Not only is it important to know what will be used frequently; You also need to know where the most dangerous materials or delicate objects are, even if they will hardly ever be touched.
In addition, it is appropriate to test whether the safety equipment works as expected. A damaged fire extinguisher can be catastrophic in the event of a fire. One of the most important safety equipment in a laboratory, the safety shower, should always have running water and sufficient pressure.
Finally, it is important that the person in charge of the laboratory keeps it well signposted. You can not always explain everything and that’s what the labels on the chemicals are for, as well as the posters on shelves and walls.6.- Know how to act in the event of a laboratory accident
There are accidents that could turn into catastrophes and it is best to have a prevention plan for each type of accident. For this, good communication with the manager is essential.
Good communication is also about sincerity. If the user of the laboratory made a mistake and caused some type of damage, such as spillage or damage to any material or instrument in the laboratory, he should not hide it: you always have to inform in a timely manner what happened. Otherwise, you could be endangering other users or animals used in the laboratory. Safety first.7.- Learn to follow instructions
Since delicate situations occur in the laboratory, there are many risks. It is essential to have the utmost attention and follow the instructions of the laboratory manager. There is usually an established protocol, depending on the type of laboratory you are in. Follow the steps to the letter without underestimating the instructions; at the end of the day, the manager knows this laboratory better than anyone.8.- Avoid being your own guinea pig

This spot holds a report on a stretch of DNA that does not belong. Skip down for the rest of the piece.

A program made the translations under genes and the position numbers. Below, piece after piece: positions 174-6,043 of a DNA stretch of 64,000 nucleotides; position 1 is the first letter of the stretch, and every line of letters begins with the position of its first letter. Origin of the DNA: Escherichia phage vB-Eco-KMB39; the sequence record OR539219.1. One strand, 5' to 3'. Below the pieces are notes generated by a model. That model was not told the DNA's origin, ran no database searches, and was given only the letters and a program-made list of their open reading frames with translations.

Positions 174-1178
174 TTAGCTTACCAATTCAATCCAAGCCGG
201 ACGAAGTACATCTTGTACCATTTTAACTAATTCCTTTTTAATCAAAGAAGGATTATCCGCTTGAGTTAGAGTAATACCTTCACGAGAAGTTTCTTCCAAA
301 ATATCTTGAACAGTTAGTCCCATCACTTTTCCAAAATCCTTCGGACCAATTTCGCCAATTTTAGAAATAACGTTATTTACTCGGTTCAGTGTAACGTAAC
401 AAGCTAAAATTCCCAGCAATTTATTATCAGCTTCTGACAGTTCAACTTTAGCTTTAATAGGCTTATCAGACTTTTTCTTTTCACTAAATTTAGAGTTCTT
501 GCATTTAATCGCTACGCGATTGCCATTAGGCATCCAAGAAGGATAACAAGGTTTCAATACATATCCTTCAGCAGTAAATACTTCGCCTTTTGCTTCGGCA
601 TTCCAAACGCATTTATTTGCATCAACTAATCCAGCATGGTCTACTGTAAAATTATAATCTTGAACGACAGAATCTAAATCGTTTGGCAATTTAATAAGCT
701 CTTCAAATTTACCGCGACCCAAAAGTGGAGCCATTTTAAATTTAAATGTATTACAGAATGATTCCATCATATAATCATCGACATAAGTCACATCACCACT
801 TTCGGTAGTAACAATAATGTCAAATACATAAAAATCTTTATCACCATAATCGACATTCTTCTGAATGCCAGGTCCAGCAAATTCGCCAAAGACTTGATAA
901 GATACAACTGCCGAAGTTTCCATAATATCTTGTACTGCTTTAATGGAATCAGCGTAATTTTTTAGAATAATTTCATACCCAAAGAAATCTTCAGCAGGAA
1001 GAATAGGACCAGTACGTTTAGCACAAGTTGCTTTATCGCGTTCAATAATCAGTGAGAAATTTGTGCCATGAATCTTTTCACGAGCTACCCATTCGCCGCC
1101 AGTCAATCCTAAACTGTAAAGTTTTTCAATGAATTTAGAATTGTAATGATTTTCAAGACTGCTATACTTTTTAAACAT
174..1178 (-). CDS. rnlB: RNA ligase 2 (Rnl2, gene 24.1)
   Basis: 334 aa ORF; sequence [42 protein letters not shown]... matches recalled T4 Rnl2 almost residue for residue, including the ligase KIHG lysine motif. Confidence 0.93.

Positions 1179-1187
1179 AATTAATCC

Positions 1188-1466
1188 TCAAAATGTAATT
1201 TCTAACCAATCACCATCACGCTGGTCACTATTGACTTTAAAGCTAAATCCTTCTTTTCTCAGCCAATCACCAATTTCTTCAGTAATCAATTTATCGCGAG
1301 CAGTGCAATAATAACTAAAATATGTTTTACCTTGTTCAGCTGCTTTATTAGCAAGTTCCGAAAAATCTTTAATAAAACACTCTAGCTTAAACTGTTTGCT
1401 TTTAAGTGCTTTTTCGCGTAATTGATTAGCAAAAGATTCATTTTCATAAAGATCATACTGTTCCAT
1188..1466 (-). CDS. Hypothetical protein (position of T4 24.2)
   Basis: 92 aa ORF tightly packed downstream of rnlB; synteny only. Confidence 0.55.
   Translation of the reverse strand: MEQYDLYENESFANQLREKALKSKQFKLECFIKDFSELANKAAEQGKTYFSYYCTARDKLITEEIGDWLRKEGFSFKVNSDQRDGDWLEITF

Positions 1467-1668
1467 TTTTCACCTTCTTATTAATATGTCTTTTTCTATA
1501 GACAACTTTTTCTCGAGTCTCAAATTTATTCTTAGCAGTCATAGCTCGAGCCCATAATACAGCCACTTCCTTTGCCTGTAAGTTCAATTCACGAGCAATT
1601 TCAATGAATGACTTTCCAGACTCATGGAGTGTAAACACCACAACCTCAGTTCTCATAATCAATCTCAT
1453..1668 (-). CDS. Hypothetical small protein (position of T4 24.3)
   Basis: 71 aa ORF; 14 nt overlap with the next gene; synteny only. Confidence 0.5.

Being your experiment’s own guinea pig may seem funny or appealing, but it’s an argument that only looks good in sci-fi movies. Doing this can lead to serious security issues; The health of the scientist and others in the laboratory may be at high risk. For ethics and respect for the laboratory, it is essential to refrain from being one’s guinea pig.9.- Do not carry objects from the laboratory
It is important that the materials used, and even the animals, are limited to being within the space designated for them in the laboratory. It should be remembered that this space is designed to isolate them and adequately resist the ravages of an accident involving them.
It is essential to refrain from removing materials from the laboratory. In many contexts, not following this rule can pose unnecessary risks. For example, in a laboratory the gases of a volatile chemical may not accumulate as much (thanks to the air extractor), but once outside these gases may be more dangerous.
It should be taken into account that some materials must be moved in a special way when arriving at the laboratory; The scientist should not move them by himself if he is not qualified to do so or lacks the means. ReferencesUniversity of Granada (n.d.). Laboratory in Chemistry 4.0. Available in: https://www.ugr.es/~laboratoriodequimica/5_seguridad.htmAcha, C. (n.d.). Safety in the laboratory. Department of physics. Available in: http://users.df.uba.ar/acha/Lab5/seguridadgral.htm